Winning via Opening Advantage

There are two ways a chess game can be decided in the opening.  Someone might fall for a trap and lose instantly.  That’s perhaps what most people think about when they consider winning in the opening.  The other possibility is that one side gains some sort of advantage, perhaps material but usually positional, and then uses that to win the game.

This second possibility is much, much more common at the grandmaster level.  There, the tiniest sliver of an advantage may be nursed into a won game.  For us amateurs, that’s usually not the case.  It’s not uncommon to have an advantage turn into a disadvantage within three moves, sometimes even less … something I know all too well

However, in amateur games, sometimes you can gain such a huge positional advantage that the game really is over.  Obviously this implies that your opponent has made some type of mistake.  It will be most obvious if we look at some of my examples.

Example One: Cervejarj – Smithy, 2013

This game show an opening stranglehold in perhaps its purest form.  By move seven I would have to work very hard to lose this game.  Note that this was a training game against a much lower-rated opponent, but that’s okay: it shows how a stronger player can take advantage of weak opening moves, something you can do now!

1.e4 e5 2.Nf3 Nc6 3.a3?!

My opponent evidently hates having Bishops come to b4.  This is a waste of time, and I tried to think of the best way to punish White.  That was my exact thought process: White did something wrong, so how do I take advantage?

3… f5!?

Perhaps you know of the Latvian Gambit, 1.e4 e5 2.Nf3 f5!?.  It’s tricky but probably not good for Black … but now imagine it with the moves a3 and Nc6 inserted.  That must be better for Black, yes?

4.Nc3 Nf6 5.Bc4?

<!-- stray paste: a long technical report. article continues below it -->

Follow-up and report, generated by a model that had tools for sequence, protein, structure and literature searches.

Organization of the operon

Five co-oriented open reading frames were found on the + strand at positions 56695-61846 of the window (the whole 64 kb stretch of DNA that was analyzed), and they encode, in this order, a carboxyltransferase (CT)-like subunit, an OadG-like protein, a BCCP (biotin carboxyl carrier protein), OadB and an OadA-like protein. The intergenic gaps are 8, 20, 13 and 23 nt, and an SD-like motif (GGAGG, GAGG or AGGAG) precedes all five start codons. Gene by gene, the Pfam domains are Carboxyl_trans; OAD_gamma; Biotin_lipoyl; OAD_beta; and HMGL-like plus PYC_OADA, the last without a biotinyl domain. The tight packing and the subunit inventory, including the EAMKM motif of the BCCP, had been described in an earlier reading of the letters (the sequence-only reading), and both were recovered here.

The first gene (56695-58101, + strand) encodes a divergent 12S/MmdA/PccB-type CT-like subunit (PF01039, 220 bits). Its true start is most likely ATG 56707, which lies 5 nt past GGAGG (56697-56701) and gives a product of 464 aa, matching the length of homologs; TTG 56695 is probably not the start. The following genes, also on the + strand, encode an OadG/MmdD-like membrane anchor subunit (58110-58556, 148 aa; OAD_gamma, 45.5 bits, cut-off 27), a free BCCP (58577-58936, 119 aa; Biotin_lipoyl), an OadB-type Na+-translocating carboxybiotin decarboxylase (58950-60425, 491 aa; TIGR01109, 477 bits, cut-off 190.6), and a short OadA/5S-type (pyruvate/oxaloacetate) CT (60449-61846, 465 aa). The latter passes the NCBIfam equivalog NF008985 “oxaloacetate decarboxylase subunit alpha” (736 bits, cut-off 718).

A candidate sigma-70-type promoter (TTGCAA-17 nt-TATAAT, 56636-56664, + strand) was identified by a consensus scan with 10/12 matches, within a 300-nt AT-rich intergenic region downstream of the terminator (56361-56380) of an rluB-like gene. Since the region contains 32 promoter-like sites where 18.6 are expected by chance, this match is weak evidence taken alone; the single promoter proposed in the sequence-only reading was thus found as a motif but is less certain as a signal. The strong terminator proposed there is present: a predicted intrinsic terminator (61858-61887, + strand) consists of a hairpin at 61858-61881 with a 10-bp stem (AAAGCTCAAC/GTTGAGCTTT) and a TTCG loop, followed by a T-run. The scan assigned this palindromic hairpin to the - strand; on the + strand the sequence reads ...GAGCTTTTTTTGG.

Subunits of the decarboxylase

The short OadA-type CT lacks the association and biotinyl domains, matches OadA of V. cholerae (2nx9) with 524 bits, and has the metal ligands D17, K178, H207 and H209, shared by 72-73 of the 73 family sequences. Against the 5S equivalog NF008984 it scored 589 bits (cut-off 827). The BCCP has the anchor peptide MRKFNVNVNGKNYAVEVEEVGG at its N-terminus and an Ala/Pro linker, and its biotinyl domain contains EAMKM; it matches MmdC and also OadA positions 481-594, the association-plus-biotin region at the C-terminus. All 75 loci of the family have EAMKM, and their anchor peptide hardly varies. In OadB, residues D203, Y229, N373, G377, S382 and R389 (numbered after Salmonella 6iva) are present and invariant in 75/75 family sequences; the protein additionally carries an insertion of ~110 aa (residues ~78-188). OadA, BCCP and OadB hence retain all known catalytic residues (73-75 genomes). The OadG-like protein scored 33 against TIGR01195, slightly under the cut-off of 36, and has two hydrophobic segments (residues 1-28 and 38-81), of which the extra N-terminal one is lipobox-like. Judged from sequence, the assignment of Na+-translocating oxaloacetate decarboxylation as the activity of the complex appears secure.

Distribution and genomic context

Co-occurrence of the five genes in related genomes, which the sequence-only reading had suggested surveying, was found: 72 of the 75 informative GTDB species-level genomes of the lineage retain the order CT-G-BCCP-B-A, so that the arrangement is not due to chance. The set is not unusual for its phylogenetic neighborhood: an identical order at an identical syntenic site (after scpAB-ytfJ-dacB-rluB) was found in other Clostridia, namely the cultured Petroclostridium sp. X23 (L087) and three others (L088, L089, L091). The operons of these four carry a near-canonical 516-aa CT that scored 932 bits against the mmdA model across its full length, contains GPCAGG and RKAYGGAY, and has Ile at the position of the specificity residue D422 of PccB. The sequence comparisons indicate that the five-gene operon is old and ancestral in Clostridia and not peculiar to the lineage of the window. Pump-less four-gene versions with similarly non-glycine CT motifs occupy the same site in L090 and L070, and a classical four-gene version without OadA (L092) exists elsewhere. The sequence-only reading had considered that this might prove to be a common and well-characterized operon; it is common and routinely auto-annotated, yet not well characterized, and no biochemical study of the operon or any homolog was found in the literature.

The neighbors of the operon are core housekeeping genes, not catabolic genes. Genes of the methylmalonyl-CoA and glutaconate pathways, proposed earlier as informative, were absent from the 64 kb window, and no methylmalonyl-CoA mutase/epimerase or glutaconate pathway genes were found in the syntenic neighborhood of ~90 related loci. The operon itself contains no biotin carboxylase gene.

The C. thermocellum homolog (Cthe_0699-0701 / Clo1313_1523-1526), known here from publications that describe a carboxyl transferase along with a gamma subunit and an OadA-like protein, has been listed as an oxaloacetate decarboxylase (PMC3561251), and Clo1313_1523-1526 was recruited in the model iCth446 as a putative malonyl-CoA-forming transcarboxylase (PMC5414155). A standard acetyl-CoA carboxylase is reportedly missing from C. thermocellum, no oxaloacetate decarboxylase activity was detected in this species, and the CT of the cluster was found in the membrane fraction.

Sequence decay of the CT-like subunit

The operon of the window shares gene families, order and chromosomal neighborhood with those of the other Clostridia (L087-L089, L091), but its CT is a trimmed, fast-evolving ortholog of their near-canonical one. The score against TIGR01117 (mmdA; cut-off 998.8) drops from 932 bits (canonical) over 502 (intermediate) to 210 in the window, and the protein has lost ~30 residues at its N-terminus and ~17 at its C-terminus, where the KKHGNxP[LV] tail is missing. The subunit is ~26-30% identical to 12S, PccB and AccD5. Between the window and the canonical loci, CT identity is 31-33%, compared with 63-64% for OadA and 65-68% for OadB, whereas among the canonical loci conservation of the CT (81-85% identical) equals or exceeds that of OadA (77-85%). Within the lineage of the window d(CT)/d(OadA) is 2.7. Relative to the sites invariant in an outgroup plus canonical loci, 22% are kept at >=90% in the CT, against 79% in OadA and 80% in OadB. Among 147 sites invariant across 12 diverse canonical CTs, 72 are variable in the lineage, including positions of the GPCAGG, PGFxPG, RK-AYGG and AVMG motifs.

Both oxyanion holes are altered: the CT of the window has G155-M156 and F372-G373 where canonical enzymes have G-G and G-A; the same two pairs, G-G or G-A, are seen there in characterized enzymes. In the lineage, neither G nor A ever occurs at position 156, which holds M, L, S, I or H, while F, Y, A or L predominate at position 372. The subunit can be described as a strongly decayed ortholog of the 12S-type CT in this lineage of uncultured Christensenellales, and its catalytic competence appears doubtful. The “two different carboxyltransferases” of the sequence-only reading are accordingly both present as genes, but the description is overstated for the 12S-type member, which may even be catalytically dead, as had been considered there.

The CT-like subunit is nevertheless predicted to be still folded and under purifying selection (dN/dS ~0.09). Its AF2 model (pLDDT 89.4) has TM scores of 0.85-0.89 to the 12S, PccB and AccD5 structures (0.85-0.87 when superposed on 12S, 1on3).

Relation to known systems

White plays a ‘normal’ move, but this is no normal opening!  White no longer has the luxury of playing normally, and now, funnily enough, he is lost after five moves.  Not because he loses material, but because his position collapses.

5… fxe4 6.Ng5 d5 7.Ba2 h6 8.Nh3 Bg4 9.Ne2

White’s position is beyond sad.  Most of his pieces cannot move.  He has completely lost the centre.  Black has complete control and can whistle his way to whichever plan he desires.  White just needs to wait for the executioner, which won’t take long.

My opponent essentially made a passive move, then an error … and now he is losing.  I didn’t have to do anything special the rest of the game, for it was over.  The rest is pretty but not relevant to this topic.  You can see how I finished it off below if you are interested.

Example Two: Smithy – Hiurm, 2004

The previous game showed an overpowering structural advantage, as Black dominated the centre.  This game shows the overwhelming power of development.

1.e4 e5 2.f4 exf4 3.Nf3 d5 4.exd5 Qxd5

I’m always happy to see this position when I play the King’s Gambit.  The centre is wide open, I have easy development and my opponent’s Queen is open for attack.  We all know we shouldn’t bring the Queen out early because it can get chased around, but sometimes we forget … and games like this one then happen.

5.Nc3 Qe6+ 6.Kf2!

This is a common idea in the King’s Gambit: instead of making a meek move like Be2, I move my King, clearing the way for my Bishop and Rook to go to better squares.

You might object, isn’t my King vulnerable there?  Certainly it would be safer if I could castle, but even here, how can Black attack it?  He has no pieces out, and ideas like Bc5 simply run into d4.

6… Qb6+?! 7.d4 Bg4?!

My opponent develops, which is good, but he does it with the wrong piece.  This pin isn’t very good, as I can easily play Qe1+ to get out of it at any time.  If the Knight then jumps to e5, the Bishop is attacked, losing even more time.